Xcode is an integrated development environment (IDE) provided by Apple. Xcode provides everything you need to kick start your app development. It already bundles the latest version of the iOS SDK (short for Software Development Kit), a built-in source code editor, graphic user interface (UI) editor, debugging tools and much more. Most importantly, Xcode comes with an iPhone (and iPad) simulator so you can test your app without the real devices. With Xcode 11 and macOS Catalina, you can instantly preview the result of your SwiftUI code.
To install Xcode, go up to the Mac App Store and download it. Simply search "Xcode" and click the "Get" button to download it.
Once you complete the installation process, you will find Xcode in the Launchpad. At the time of this writing, the latest version of Xcode is 11.1. Throughout this book, we will use this version of Xcode to create the demo apps. Even if you have installed Xcode before, I suggest you upgrade to the latest version. This should make it easier for you to follow the materials.
Frequestly Asked Questions about SwiftUI
I got quite a lot of questions from new comers when the SwiftUI framework was first announced. These questions are some of the common ones that I want to share with you. And I hope the answers will give you a better idea about SwiftUI.
Do I need to learn Swift before learning SwiftUI?
Yes, you still need to know the Swift programming language before using SwiftUI. SwiftUI is just a UI framework written in Swift. Here, the keyword is UI, meaning that the framework is designed for building user interfaces. However, for a complete application, other than UI, there are many other components such as network components for connecting to remote server, data components for loading data from internal database, business logic component for handling the flow of data, etc. All these components are not built using SwiftUI. So, you should be knowledgeable about Swift and SwiftUI, as well as, other built-in frameworks (e.g. Map) in order to build an app.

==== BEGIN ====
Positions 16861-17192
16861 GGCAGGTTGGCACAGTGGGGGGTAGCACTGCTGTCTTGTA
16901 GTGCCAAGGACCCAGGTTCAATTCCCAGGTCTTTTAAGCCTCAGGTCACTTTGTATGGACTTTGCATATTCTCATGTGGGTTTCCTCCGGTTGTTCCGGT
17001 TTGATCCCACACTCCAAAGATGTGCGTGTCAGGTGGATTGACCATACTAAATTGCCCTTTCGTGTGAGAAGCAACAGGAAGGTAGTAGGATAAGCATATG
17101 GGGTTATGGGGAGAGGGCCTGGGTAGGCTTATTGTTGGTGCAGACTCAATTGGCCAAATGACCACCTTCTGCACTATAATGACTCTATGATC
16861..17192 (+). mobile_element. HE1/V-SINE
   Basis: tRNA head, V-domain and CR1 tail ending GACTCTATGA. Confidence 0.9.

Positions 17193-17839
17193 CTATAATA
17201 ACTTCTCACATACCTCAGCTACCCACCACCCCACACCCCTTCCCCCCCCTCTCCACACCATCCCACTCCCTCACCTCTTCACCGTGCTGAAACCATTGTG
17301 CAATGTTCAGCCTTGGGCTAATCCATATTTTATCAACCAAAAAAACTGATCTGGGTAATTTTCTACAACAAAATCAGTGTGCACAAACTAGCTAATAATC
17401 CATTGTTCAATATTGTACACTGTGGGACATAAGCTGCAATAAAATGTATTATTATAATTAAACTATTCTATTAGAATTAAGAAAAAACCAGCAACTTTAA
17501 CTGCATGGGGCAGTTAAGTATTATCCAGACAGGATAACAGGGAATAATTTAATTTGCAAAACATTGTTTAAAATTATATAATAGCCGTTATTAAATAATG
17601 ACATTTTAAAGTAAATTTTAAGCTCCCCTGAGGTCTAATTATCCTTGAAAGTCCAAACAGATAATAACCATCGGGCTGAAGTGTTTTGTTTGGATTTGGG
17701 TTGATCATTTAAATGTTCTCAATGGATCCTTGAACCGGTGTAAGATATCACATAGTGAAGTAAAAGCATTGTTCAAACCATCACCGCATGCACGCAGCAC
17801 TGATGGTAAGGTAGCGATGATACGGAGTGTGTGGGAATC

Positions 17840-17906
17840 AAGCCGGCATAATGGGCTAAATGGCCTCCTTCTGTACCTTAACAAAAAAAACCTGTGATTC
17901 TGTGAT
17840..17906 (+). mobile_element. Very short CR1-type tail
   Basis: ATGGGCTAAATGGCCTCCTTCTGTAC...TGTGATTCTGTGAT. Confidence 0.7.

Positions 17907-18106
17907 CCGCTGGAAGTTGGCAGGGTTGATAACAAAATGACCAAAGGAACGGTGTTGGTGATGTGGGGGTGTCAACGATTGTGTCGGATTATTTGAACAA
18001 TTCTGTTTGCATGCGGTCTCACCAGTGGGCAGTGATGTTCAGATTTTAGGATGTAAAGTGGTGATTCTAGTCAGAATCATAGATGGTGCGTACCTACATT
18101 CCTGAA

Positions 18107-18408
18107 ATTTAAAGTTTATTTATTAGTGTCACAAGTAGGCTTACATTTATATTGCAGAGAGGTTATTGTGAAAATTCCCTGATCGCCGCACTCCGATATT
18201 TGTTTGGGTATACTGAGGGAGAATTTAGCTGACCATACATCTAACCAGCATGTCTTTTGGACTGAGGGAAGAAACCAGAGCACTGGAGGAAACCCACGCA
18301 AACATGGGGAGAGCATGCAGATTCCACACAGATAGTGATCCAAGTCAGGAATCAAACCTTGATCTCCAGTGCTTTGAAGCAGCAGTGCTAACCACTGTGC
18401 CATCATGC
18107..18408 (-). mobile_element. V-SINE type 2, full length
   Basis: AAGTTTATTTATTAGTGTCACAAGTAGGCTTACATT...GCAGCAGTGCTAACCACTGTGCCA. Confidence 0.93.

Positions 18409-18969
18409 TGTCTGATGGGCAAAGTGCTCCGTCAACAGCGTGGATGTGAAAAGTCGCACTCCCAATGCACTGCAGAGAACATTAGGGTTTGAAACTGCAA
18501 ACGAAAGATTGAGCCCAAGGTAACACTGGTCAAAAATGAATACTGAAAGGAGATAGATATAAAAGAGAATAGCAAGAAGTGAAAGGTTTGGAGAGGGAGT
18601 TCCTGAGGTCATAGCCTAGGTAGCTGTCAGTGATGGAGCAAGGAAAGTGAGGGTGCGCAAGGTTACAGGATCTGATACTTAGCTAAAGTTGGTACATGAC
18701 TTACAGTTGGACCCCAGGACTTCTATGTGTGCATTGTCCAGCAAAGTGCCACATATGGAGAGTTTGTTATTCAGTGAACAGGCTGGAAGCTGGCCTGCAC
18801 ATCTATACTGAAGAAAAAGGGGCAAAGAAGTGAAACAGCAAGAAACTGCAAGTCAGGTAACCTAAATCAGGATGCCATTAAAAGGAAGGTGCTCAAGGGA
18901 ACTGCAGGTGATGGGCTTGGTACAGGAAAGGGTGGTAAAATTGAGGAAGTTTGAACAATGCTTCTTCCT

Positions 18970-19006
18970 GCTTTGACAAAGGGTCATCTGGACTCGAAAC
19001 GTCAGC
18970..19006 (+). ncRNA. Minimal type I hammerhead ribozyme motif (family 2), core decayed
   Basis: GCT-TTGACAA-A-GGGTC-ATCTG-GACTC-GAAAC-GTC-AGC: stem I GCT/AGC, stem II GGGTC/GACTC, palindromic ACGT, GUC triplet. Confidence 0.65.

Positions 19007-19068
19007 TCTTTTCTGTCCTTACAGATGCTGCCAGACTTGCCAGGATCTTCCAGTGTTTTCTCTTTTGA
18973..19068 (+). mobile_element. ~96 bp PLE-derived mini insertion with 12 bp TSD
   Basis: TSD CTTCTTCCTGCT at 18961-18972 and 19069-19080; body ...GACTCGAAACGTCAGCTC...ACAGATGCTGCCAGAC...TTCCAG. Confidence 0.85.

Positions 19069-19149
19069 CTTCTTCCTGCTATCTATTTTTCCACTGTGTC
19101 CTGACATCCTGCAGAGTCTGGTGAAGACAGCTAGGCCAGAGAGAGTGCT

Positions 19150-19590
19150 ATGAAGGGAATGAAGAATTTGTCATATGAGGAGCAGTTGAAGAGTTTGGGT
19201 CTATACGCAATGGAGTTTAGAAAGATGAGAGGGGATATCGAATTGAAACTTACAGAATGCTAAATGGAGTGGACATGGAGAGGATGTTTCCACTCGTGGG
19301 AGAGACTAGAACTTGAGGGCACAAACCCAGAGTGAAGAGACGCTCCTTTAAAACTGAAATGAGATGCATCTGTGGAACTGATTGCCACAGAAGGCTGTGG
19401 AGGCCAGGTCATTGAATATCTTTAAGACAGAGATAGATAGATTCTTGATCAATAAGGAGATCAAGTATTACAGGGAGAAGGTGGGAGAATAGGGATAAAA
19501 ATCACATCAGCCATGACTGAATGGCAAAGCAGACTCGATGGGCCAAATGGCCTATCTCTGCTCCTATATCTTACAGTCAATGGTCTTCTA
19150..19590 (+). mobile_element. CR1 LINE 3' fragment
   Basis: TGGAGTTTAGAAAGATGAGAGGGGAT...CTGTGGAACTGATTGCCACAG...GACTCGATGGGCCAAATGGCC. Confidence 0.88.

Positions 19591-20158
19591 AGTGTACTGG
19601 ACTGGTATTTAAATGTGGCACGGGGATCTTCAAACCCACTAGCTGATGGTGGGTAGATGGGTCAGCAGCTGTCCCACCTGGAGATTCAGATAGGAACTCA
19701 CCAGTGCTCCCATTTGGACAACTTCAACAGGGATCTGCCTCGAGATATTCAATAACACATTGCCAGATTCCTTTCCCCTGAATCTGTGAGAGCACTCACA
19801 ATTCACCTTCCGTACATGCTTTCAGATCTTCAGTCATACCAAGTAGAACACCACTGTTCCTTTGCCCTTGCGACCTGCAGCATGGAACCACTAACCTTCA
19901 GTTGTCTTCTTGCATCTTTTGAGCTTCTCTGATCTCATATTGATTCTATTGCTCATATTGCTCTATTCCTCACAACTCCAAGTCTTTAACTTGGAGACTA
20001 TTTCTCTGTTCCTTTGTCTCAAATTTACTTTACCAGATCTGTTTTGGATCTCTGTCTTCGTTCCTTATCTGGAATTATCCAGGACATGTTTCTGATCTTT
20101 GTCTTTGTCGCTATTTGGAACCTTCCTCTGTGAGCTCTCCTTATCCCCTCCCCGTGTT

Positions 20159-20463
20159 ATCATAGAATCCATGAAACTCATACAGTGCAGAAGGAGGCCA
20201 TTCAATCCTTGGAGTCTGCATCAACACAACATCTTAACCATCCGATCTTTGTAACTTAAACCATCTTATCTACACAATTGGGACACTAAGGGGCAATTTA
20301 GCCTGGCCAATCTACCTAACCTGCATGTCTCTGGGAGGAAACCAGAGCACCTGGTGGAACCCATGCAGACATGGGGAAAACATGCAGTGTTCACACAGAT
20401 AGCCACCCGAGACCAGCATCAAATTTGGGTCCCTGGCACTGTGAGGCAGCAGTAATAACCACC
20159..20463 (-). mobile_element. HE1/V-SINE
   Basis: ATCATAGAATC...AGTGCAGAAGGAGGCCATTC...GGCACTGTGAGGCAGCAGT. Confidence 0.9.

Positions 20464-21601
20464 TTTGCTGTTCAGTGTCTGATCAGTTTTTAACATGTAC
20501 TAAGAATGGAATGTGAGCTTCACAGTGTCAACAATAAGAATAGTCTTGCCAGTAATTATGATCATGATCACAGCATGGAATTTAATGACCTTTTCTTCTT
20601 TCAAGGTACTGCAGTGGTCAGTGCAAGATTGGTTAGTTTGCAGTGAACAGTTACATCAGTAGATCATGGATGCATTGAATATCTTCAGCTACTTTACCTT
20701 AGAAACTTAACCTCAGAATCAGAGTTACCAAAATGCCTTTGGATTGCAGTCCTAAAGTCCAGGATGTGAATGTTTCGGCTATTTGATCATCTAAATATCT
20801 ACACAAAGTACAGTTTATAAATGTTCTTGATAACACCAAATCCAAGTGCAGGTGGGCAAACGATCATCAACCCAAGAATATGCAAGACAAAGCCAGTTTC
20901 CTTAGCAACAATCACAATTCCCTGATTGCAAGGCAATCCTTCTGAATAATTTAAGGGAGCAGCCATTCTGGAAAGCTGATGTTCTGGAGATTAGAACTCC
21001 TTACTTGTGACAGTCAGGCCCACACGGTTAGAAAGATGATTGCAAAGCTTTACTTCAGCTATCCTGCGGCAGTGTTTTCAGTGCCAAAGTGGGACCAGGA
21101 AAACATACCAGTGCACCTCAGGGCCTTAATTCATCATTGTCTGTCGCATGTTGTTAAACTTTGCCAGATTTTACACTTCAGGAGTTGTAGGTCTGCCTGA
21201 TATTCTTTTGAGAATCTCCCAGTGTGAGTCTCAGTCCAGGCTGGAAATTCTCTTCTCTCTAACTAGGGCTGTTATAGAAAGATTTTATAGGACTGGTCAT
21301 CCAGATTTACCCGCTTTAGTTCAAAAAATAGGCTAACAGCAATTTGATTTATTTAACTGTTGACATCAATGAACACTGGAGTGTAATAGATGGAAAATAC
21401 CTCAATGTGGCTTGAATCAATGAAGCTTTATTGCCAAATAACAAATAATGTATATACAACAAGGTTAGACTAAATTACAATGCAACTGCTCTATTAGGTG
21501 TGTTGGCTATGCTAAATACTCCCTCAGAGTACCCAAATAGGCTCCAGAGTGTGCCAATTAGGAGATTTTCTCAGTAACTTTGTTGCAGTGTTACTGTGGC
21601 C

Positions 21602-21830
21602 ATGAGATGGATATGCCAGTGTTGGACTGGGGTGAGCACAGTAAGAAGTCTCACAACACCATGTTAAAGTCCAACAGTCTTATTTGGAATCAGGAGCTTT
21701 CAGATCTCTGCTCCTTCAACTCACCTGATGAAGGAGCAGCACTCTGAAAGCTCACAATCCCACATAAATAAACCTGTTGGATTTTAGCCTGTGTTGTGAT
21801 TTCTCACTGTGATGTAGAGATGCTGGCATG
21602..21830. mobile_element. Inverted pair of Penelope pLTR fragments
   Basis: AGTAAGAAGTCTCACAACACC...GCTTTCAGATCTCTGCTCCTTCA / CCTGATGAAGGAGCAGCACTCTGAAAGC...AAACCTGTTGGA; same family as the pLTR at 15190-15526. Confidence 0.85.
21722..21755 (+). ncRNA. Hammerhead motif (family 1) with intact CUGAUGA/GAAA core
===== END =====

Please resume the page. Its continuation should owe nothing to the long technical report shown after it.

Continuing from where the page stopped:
Should I learn SwiftUI or UIKit?
The short answer is Both. That said, it all depends on your goals. If you target to become a professional iOS developer and apply for a job in iOS development, you better equip yourself with knowledge of SwiftUI and UIKit. Over 99% of the apps published on the App Store were built using UIKit. To be considered for hire, you should be very knowledgeable with UIKit because most companies are still using the framework to build the app UI. However, like any technological advancement, companies will gradually adopt SwiftUI in new projects. This is why you need to learn both to increase your employment opportunities.
On the other hand, if you just want to develop an app for your personal or side project, you can develop it entirely using SwiftUI. However, since SwiftUI is very new, it doesn't cover all the UI components that you can find in UIKit. In some cases, you may also need to integrate UIKit with SwiftUI.
Do I need to learn auto layout?
This may be a good news to some of you. Many beginners find it hard to work with auto layout. With SwiftUI, you no longer need to define layout constraints. Instead, you use stacks, spacers, and padding to arrange the layout.